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As proponents of payment for order flow know, Securities and Exchange Commission chairman Gary Gensler has more than one strategy for stamping out Street practices which he does not like. Sure, he and his colleagues could just outright ban them, as they may well do to the “consulting fees” charged by private-equity firms to the portfolio companies they own, or to hedge fund managers’ somewhat unsavory practice of passing on their own legal fees from misconduct allegations to their investors. But the busiest little regulator on the Potomac prefers an older strategy: shame, or, as Gensler prefers it, “boosting efficiency, competition and transparency.” By this he means forcing asset managers to disclose, in standardized, easily-understood format, all of the ways they charge clients money, by which those clients can recoil in horror from the things they’re paying for, or from how much more they’re paying than clients in a different fund, and pull their money or force their managers to adopt less underhanded and ultimately cheaper fee structures.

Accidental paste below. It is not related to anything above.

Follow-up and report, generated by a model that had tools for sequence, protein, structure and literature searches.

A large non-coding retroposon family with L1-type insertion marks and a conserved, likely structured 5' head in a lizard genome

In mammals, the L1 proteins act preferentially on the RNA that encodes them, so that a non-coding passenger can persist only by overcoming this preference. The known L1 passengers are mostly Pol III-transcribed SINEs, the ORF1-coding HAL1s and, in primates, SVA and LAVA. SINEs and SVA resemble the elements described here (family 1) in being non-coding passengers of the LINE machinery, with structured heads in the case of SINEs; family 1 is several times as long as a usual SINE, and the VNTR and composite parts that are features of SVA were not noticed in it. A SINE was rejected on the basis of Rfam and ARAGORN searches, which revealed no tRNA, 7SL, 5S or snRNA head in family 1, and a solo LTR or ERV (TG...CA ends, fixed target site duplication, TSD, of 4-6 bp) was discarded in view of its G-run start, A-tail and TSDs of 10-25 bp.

William Birdthistle, director of the Division of Investment Management at the SEC, said the U.S. watchdog remained committed to increasing transparency and competition in the industry…. The SEC in February voted to propose heightened regulations meant to scrutinize how private fund advisers charge fees to investors and measure fund performance. In August it proposed a rule to improve the quality of disclosures it receives from large hedge funds about their investment strategies and leverage….

Birdthistle added that increased competition and transparency will lead to lower fees and better liquidity arrangements, saying, "with fees going down that will mean more money going to end investors."

Of course, that thesis only holds if the target of such ire is able to feel shame. And, as the alternative investments industry has made clear, its members are not so able.

"While the SEC believes their rulemaking agenda is in the interest of investors, their proposals will ultimately raise fees and limit information and investment opportunities," said [Managed Funds Association chief counsel Jennifer] Han.

U.S. SEC Aims to Help Shrink Hedge Fund Fees for Investors [Reuters via U.S. News & World Report]

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